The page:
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Transfers: Using League Reputation To Your Advantage

When you’re dealing in the transfer market, you are always looking for the best possible offer. Regardless if you’re intention is to buy or to sell, you want to make sure you’re getting the best deal possible. At this point, you really ought to take the reputation of the various leagues into consideration. Why, you ask?

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That’s a fairly decent transfer window, isn’t it? All these players were bought cheap and sold for far more than their actual worth at the time. So besides shrewd negotiating, what’s the secret ingredient here? Why does the market work the way it does? The answer to that question is fairly simple; league reputation…

I intend to show you how you can use it to your adventure when you are navigating the transfer market. It can help you get players cheap and sell them far more expensively than you had ever imagined. All you have to do is factor league reputation into the equation.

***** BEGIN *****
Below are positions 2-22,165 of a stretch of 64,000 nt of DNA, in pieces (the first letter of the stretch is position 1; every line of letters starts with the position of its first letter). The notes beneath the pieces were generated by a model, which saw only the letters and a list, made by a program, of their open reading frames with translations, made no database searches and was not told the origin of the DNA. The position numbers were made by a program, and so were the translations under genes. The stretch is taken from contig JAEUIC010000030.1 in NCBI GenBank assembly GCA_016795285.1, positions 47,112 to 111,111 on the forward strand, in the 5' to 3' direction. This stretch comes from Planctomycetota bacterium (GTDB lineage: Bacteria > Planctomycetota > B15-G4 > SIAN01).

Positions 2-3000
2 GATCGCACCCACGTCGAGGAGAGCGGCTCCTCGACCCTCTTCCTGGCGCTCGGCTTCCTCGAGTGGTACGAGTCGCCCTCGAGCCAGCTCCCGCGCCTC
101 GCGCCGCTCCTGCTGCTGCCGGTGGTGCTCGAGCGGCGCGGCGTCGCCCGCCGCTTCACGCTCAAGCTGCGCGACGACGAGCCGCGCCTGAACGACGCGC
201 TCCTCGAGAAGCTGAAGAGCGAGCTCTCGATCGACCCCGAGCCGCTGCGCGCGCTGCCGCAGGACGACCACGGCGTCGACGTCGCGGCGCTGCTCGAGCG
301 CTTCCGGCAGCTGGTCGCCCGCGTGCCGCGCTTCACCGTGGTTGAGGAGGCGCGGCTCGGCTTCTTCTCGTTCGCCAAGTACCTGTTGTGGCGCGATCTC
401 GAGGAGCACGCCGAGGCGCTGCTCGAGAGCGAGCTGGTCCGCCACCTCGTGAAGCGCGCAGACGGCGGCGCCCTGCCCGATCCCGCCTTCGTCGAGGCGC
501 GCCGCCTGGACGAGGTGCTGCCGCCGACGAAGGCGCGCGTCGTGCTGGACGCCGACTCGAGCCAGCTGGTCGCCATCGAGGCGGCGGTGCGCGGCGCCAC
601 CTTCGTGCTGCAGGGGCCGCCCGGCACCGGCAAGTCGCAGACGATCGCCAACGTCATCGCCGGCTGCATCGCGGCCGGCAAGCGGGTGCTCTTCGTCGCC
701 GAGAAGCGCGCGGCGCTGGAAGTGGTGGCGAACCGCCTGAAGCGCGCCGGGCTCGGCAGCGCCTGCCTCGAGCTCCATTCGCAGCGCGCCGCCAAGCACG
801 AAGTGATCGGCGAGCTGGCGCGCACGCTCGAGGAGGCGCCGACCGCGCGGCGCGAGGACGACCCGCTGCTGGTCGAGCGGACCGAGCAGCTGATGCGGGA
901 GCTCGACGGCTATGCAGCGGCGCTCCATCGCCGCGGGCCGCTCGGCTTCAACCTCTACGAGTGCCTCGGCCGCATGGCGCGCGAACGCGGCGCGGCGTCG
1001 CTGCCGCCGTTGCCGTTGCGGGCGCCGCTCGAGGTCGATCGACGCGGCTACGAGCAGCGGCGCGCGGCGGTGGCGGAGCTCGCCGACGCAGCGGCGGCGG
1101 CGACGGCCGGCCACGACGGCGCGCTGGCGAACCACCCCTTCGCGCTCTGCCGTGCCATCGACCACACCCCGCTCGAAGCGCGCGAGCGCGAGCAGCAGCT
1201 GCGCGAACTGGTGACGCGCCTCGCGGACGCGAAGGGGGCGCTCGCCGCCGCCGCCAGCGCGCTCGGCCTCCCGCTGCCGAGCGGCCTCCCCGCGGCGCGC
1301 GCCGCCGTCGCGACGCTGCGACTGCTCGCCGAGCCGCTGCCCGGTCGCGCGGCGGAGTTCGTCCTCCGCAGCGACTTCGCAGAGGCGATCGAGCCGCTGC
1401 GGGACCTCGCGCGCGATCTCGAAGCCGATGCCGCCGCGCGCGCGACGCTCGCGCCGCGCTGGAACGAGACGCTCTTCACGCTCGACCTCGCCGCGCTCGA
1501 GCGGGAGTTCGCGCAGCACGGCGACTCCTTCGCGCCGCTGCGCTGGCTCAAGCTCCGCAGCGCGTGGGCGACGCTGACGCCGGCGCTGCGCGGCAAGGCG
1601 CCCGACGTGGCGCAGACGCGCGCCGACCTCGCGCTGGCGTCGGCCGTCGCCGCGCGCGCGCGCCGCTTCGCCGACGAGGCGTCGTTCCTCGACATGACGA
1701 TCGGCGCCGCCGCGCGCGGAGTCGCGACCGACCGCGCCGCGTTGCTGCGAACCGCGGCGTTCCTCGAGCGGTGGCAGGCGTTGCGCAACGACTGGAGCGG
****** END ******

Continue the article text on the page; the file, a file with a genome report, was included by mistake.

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The Juventus Gambit; Why Hoarding Players Can Pay Off

The title “Juventus gambit” is bound to raise questions. Before I explain, let me illustrate a point upfront. How many transfers do you think Juventus has done this season? Transfermarkt has the answer; 74 in, 79 out, which includes youth players. This isn’t incidental, last season the grand Old Lady of Italian football had 75 incoming players compared to 81 players leaving Juventus. The season before that, the numbers were at 59 incoming, 63 outgoing.

These are staggering numbers, to say the least, mindboggling would come closer to an accurate description of the status quo. When you look at these figures more closely, you can see that they are somewhat inflated by the sheer number of loan deals Juventus does. The Bianconeri seem to loan a tonne of players away every season, despite most of these never reaching first team status. This raises the question regarding the motives of the Turin club in doing so.

This rather straightforward question yields an equally uncomplicated answer; it’s a lucrative business to loan away youngsters like that, with the added side-effect that those who develop spectacularly can be integrated into the first team squad. Let’s take a look at an example taken from real life.